We’re entering open enrollment season — the yearly period when you have a chance to make changes to your employee benefits package. If you’re like most employees in the US, open enrollment may be the only opportunity you’ll have during the entire year to alter your health care benefits.
Health insurance can seem complicated because there are so many moving parts. It’s helpful to
understand the different terms and acronyms you are likely to encounter as you review your options. Here are some of the most common.
Any form of insurance coverage involves paying premiums, which is essentially the amount you and your employer pay to your insurer every month for your health insurance. Most employer-based health insurance today requires that you pay a portion of the monthly premium for coverage. The payments you are required to make are generally deducted from each paycheck.
Many insurance plans include a deductible. In the case of health insurance, this is the amount of money you have to pay in total (usually in a given year) before your health insurance assumes the costs. For example, a plan with a $1,000 deductible would require that you pay all bills up to $1,000 out of your pocket before insurance coverage would kick in.
This is a fixed amount you pay each time you use a medical service. For example, each doctor’s visit might require a $20 copay. If your insurance plan includes copays, this amount is required even if you’ve met your deductible for the year.
HMOs and PPOs
These are two different forms of health insurance coverage. HMOs are health maintenance organizations, which often are available for lower monthly premiums but come with some restrictions. For example, most require that all of your health care needs be coordinated through your primary care physician. With HMOs, you are also typically limited to services from a specific network of providers covered by the plan. PPOs are preferred provider organizations, which tend to have higher premiums than HMOs. With PPOs, referrals from your primary physician typically aren’t required and you generally have more flexibility in choosing providers.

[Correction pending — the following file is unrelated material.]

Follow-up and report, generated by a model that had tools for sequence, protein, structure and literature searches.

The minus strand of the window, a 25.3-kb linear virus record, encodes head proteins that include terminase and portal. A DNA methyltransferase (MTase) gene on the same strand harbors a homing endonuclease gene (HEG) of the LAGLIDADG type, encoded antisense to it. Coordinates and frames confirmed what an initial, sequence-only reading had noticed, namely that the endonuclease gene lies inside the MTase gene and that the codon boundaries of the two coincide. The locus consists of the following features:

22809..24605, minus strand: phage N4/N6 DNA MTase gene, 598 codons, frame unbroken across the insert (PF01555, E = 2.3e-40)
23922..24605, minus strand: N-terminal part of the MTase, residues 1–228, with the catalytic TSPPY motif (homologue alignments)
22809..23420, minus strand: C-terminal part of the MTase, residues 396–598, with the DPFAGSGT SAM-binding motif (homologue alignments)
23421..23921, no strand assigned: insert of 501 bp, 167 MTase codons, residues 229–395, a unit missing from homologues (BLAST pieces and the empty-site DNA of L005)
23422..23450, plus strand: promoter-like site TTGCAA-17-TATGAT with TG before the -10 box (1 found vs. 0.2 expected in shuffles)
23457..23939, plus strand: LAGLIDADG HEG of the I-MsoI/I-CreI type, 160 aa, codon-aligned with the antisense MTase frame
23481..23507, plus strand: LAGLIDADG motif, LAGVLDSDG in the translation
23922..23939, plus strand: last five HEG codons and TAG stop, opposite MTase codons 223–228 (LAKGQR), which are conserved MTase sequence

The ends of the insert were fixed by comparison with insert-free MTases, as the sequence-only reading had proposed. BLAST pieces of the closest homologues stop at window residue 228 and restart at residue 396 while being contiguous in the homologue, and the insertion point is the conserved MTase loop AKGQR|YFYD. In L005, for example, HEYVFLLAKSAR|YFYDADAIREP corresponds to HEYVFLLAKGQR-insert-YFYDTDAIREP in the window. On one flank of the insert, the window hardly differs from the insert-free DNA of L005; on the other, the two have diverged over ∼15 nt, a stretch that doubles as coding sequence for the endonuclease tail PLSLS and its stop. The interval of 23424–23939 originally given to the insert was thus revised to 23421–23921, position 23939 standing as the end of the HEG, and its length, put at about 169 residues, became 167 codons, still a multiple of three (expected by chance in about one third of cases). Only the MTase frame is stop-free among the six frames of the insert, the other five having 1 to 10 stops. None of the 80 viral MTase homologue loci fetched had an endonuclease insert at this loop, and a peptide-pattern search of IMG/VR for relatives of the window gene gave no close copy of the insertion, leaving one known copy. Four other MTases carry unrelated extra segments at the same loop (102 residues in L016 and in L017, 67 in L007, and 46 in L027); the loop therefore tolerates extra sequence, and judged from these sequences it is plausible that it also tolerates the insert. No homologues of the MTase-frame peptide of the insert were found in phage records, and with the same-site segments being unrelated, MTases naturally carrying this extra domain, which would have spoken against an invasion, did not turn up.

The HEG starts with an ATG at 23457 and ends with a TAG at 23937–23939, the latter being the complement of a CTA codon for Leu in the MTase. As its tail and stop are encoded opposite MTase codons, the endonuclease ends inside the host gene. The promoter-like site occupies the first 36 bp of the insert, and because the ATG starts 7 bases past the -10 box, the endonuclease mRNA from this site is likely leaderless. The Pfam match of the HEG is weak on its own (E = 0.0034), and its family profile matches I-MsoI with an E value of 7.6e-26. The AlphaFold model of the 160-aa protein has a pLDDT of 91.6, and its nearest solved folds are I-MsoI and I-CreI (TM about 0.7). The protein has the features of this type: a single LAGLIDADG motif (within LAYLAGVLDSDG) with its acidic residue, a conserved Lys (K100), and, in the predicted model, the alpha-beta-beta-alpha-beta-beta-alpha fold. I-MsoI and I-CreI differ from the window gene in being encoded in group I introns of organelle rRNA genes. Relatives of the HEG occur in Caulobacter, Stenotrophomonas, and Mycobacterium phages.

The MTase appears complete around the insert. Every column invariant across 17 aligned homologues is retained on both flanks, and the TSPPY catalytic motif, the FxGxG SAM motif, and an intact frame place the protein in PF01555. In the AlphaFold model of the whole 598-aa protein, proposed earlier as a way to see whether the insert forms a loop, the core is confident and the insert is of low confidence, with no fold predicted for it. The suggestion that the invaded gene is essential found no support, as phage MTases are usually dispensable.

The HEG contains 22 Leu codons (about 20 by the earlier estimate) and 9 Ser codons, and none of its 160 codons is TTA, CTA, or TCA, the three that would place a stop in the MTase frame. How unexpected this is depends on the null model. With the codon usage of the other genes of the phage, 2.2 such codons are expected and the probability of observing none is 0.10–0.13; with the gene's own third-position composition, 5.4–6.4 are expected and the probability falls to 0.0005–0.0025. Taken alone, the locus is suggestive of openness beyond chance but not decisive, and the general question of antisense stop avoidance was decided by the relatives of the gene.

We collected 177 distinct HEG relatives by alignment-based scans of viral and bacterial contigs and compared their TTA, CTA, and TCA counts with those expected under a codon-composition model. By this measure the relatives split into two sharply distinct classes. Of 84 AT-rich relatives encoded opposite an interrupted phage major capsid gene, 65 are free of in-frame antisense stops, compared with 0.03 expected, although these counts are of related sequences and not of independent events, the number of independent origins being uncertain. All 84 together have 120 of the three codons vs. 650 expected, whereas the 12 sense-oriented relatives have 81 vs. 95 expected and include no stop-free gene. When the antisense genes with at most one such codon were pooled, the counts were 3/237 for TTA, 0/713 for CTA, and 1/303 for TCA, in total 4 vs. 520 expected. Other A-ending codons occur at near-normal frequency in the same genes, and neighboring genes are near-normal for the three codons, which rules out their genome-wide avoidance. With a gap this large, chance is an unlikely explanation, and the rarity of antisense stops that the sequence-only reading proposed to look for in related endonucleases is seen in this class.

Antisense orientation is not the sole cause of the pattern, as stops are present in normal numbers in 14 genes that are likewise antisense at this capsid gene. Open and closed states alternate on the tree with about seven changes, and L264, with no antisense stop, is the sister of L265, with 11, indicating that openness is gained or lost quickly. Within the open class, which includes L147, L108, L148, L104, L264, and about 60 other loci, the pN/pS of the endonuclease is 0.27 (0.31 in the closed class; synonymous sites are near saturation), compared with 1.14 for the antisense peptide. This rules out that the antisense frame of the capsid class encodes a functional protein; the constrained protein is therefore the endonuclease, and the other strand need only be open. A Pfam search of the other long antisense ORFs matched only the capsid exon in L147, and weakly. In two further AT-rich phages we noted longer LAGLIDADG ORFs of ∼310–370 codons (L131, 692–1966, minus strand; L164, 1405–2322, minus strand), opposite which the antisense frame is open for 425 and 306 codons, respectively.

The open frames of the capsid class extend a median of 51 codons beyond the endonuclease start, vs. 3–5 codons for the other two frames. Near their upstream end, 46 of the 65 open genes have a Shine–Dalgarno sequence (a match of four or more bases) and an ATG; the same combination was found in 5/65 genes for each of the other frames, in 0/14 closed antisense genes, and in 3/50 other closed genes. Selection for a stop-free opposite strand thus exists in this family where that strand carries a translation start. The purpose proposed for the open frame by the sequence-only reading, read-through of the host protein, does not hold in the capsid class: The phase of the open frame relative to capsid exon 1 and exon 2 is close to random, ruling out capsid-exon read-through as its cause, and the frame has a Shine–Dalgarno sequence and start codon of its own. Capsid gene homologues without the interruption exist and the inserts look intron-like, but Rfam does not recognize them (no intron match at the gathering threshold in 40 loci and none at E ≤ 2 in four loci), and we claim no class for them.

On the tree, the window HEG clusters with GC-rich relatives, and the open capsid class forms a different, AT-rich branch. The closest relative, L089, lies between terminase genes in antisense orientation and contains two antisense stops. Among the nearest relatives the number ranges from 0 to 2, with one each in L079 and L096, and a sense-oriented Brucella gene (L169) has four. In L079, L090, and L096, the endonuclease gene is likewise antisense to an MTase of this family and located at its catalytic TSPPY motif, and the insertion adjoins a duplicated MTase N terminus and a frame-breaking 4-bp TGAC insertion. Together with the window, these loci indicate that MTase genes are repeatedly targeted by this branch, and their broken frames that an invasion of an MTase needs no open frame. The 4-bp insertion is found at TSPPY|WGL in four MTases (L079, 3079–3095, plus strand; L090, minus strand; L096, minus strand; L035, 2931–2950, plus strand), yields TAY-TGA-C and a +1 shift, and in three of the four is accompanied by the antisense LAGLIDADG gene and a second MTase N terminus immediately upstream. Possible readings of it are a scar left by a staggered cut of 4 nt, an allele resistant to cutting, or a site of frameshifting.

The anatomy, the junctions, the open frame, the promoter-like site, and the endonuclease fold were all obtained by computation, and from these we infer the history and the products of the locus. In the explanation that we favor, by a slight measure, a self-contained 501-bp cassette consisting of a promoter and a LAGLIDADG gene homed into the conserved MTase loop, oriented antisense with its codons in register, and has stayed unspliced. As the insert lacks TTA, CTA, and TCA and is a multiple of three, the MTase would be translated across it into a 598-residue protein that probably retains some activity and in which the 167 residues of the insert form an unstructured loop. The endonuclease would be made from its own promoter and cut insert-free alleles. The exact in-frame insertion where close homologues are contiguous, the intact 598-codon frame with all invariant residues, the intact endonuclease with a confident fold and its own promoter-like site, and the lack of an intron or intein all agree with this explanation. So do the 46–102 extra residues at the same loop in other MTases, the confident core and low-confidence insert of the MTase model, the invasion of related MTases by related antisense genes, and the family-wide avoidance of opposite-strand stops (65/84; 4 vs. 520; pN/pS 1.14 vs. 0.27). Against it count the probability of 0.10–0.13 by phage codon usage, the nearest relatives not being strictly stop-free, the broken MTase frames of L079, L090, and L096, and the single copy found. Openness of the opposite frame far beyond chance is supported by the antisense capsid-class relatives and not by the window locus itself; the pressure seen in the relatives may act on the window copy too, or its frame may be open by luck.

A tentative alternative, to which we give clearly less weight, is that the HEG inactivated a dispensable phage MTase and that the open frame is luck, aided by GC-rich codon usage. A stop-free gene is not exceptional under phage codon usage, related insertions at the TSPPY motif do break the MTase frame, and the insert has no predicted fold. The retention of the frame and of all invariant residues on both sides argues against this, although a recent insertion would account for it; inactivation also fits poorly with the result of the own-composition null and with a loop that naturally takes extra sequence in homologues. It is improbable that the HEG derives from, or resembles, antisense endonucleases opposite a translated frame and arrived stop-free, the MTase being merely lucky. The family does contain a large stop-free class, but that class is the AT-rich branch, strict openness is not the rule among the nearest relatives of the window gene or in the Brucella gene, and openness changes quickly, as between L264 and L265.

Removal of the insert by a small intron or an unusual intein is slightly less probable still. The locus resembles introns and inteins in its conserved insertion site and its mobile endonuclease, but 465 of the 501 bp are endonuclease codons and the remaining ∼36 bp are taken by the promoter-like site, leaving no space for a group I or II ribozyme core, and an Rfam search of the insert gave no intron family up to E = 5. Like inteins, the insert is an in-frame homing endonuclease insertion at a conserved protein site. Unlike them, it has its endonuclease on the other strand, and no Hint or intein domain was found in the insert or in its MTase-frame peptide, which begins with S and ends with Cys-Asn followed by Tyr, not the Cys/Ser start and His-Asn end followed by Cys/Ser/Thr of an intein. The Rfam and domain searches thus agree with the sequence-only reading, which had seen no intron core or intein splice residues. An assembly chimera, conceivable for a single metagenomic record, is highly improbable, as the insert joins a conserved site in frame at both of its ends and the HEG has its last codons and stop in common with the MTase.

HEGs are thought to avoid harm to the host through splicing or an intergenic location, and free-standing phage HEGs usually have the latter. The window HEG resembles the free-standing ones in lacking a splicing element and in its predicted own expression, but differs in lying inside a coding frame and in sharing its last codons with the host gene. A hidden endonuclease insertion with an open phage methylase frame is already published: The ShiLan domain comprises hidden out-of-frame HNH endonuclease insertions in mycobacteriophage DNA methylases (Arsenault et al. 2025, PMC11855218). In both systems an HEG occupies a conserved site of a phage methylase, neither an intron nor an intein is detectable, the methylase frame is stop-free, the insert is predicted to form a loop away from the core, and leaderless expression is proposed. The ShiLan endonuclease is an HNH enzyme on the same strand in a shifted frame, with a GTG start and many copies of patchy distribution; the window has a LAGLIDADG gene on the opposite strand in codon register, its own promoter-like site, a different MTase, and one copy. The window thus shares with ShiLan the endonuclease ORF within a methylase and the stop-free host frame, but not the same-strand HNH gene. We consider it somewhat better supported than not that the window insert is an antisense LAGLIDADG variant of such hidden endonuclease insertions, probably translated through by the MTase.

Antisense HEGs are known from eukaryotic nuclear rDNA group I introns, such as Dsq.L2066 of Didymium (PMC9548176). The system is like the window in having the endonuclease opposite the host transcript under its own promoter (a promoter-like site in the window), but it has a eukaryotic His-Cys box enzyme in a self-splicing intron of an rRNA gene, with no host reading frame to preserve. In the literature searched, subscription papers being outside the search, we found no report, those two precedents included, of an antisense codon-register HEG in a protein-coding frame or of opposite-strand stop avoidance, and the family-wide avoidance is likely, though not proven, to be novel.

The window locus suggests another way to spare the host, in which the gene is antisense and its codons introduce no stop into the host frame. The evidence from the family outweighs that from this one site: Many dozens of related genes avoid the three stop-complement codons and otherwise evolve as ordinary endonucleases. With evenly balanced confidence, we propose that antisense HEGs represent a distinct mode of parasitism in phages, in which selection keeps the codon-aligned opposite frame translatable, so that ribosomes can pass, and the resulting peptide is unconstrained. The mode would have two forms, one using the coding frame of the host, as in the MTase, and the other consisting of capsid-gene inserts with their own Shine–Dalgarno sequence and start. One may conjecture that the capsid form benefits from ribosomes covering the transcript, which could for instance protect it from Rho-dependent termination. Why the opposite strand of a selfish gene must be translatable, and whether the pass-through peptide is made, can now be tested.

Health Savings Accounts (HSAs)
Some health insurance plans come with an HSA feature. This allows you to set aside money on a pre-tax basis to pay for qualified medical expenses. You can use the savings account to cover expenses for deductibles, copays and other out-of-pocket medical costs. By using pre-tax dollars, the net cost to you for these services is reduced. HSAs also automatically roll over any unused funds each year for future use, even years from now when you retire.
High Deductible Health Plan (HDHP)
These plans are offered in conjunction with an HSA. HDHPs often are available for a lower monthly premium, but, as the name implies, require that you carry a higher deductible. Much or all of the deductible can come out of the money you set aside in the HSA. If you anticipate few major health care needs, HDHPs can be a sensible option to limit your premium costs.
Flexible Spending Accounts (FSAs)
This benefits option lets you pay many out-of-pocket medical expenses with tax-free dollars. You set money aside into an FSA with each paycheck on a pre-tax basis. The funds accumulated can be used to cover the costs of copays, deductibles, qualified prescription drugs, and certain other medical expenses. Most of the money must be used before the year is out, but your employer may allow you to carry it over for a short period into the following year or include a provision that lets you spend up to $500 of this year’s FSA savings in the following year. Make sure to inquire with your benefits provider if you have questions about the specifics of your plan.
Making the right choices for your circumstances can result in better coverage than you have today and potentially save you hundreds or even thousands of dollars a year. It’s worthwhile to carefully review your options and choose the most appropriate plan for your needs.
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Cody Sims, CRPC, AAMS, AWMA, is a financial advisor and franchise owner with Ameriprise Financial Services, LLC. in Chattanooga, Tn. He specializes in fee-based financial planning and asset management strategies and has been in practice for 27 years. To contact him, ameripriseadvisors.com/james.e.sims, 423-648-2900, and 412 Georgia Ave., Suite 210, Chattanooga, Tn. 37403.
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